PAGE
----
Posts Tagged ‘Good Luck to The Houston Sports Hall of Fame’

Good Luck to The Houston Sports Hall of Fame

February 13, 2018

Congratulations to the Houston Sports Association for finally being the force for getting the idea of a Houston Sports Hall of Fame towed from its long double park on the street of dreams for some serious rumbling down the avenue of a rare opportunity. Allow me to fill in the particulars for a clear, concise description of what is now changed in our town as a result of the splendidly conducted first recognition banquet of honor for the three great number 34s in our three major professional sports last week on Thursday, February 8, 2018.

The names Ryan, Olajuwon, and Campbell speak loudly for themselves to the people of Houston for their contributions to both the positive memory of fans and the history they each carved into the record for their three local teams in the major professional sports. In baseball, Houston will always remember local boy Nolan Ryan for his strikeout pitching tenacity, his 5th career no-hitter coming as an Astro, and his also hard fought major contributions to the near-pennant runs of 1980 and 1986. In basketball, championship-starved Houstonians will never forget that Hakeem Olajuwon led the Rockets to the city’s first two major sport titles in 1993-94 and 1994-95. In football, memory leaps immediately to the fall of 1978 when mighty Earl Campbell ran all over and around the Miami Dolphins as though he were knocking out all the obstacles to Houston Oiler success in one fell Astrodome swoop.

All three of these mega-stars coincidentally wore #34 and they represented the three major professional sports. And they were each drivers of two cars apiece that had been double-parked back on the Houston Street of Sporting Dreams. Each man was vividly recognizable and memorable. Each man was importantly historical to the story of Houston sports.

Whoever picked the # 34 trio to start the banquets is deserving of the genius button Рfor this time, at least. There are a number of others Рand many to nearly all of these folks were also there for the first banquet as attendees who also will clearly qualify as both memorable and historical  when selected for honor/induction at future banquets Рthe presumed forum for this sort of honoring.

The general points here are multiple:

1) There’s a healthy pool of candidates from all sports who are both very known and historically important to their games in Houston.

2) There will always be disagreement as to who belongs – and who comes next.

3) If this effort flies, the day will come when all the memorable people will be current players – and all of the historical candidates who are already there are either deceased or hidden away in the background of things as coaches, owners, writers, or sports activists.

4) As it also grows from this experience over time, the selection group here needs to grow in its perceptions of how easy it may be to overlook forgotten people from the past who were extremely important to the history of their sport in Houston. Former players, owners, administrators, politicians, and community leaders – going back to the 19th century – may be fair game for consideration.

5) On the future Hall of Fame, as Ms. Janis Burke, CEO of the Harris County Houston Sports Authority so aptly noted: “You have to change exhibits or people stop coming.” She also suggested that “we could open a small space off the sidewalk, but we will start small and grow into it if we do.” A decent museum eventually needs – at least – a really good multi-tasking curator to get a reasonable job done. Other trained staff would help too, but, like all things, your options are easier to see, if you’ve already got the money for them. Tying the future of the museum to either appropriate commercial interests, like a restaurant and shopping mall – or hotel retail display business might be good for downtown.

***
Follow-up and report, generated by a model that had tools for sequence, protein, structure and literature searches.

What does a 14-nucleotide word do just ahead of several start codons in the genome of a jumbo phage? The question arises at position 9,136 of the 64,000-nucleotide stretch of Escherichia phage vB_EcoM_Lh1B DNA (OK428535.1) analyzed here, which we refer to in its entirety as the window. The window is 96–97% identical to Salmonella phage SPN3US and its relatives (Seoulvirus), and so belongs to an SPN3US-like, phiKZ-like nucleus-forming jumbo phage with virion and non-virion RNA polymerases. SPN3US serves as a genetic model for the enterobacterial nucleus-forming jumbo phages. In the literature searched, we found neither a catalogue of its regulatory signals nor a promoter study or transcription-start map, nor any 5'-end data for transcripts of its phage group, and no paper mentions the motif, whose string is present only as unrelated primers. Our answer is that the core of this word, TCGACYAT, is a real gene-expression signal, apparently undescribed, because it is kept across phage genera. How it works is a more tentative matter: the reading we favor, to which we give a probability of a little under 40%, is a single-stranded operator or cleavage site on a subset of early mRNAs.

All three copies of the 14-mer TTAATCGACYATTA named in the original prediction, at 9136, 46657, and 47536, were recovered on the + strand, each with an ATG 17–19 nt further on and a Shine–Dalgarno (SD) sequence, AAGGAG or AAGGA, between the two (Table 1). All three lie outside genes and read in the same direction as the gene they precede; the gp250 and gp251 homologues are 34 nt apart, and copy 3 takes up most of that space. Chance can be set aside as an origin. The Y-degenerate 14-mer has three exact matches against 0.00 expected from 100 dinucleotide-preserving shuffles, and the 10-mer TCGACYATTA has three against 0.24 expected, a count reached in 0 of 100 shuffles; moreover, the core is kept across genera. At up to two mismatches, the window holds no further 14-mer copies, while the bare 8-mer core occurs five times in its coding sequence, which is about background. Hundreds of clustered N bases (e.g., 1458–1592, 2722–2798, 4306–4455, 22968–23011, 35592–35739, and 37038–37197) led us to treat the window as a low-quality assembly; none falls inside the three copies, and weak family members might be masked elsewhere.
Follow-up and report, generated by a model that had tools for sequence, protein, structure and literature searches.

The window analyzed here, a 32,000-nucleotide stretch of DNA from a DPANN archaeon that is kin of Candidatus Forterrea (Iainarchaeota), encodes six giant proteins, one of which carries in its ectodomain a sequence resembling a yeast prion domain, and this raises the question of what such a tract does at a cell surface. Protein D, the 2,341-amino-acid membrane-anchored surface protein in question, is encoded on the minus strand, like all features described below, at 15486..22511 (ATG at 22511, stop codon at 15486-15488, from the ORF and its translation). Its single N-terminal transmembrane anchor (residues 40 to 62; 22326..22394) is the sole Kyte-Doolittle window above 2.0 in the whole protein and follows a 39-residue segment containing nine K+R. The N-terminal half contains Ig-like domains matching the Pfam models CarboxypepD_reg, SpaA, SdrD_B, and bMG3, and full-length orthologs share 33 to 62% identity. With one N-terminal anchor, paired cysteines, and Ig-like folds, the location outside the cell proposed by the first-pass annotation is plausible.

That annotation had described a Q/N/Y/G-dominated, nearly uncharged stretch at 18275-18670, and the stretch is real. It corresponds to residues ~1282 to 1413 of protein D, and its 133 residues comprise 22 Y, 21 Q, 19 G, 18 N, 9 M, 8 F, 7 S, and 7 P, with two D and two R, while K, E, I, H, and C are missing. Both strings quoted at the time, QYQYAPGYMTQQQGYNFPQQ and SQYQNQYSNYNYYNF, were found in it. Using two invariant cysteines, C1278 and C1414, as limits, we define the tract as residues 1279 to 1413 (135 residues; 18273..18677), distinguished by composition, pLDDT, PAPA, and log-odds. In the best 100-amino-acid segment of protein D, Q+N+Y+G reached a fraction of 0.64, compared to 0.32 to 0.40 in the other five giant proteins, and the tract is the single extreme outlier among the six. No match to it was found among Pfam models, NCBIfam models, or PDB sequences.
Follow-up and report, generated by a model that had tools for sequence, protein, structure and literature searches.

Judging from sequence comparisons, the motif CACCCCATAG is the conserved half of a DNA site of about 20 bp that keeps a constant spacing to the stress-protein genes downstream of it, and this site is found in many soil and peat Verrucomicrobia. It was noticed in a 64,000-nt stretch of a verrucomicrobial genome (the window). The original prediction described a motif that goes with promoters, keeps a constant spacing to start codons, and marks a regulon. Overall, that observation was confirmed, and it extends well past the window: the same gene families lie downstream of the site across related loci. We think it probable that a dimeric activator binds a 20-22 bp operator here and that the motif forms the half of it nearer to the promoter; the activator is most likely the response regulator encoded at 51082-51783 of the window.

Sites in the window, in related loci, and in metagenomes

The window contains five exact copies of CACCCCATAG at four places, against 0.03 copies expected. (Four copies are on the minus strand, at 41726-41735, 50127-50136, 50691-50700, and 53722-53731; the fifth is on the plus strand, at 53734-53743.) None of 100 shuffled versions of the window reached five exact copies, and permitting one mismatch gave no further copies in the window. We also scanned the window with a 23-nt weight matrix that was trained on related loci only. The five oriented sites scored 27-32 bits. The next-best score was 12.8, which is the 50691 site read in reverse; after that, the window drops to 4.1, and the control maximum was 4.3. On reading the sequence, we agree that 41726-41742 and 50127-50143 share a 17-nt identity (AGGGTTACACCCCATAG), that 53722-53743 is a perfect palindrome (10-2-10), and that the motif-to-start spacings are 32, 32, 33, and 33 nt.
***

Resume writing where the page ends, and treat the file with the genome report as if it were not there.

6) On the selection methodology, vis-a-vis the banquet model, and based upon personal experience with past Texas Baseball Hall of Fame banquets in Houston, I would say that HSA’s start with 3 honorees was the way to go, but I would expand it to 4 and hold it there. Once you go beyond 4 inductees, a program is up against a sharp decline in attention spans due to food. drink and the time of night. Keep three for the 3 major sports and add one as your utility selection.

7) The utility selection would cover individual sports, women, minor team sports, deceased inductees, and the rare occasional time you need more than one inductee from one of the major sports.

8) The following model is just that – a model for the flexibility and attention saving power you need to establish the banquet as something that fans will want to do annually. As you will see in the model below, we used the utility spot in 2019 to make sure that Biggio and Bagwell went into the HSA-SPORTS HOF on the same ticket.

9) One More time. – Never do more than 4 inductees a banquet.

Here’s the demo model. It’s not offered to argue the order or presence of anyone on the projected table. It’s just offered as a model.

All we know for sure is that all these people are both memorable and historical. And that a genuine HOF cannot dismiss a worthy candidate since they are either deceased or no longer memorable.

2018 Nolan Ryan Hakeem Olajuwon Earl Campbell none
2019 Craig Biggio Elvin Hayes Andre Johnson Jeff Bagwell
2020 Larry Dierker Clyde Drexler Andre Ware George Foreman
2021 Bob Watson Yao Ming Elvin Bethea A.J. Foyt
2022 Jimmy Wynn James Harden Dan Pastorini Carl Lewis
2023 Roger Clemens Tracy McGrady Warren Moon Cynthia Cooper
2024 A.J. Hinch Rudy Tomjanovich J.J. Watt Simone Biles

Here at The Pecan Park Eagle, it’s our hope that Houston puts together the best local Sports Hall of Fame in the world.



Bill McCurdy

Principal Writer, Editor, Publisher

The Pecan Park Eagle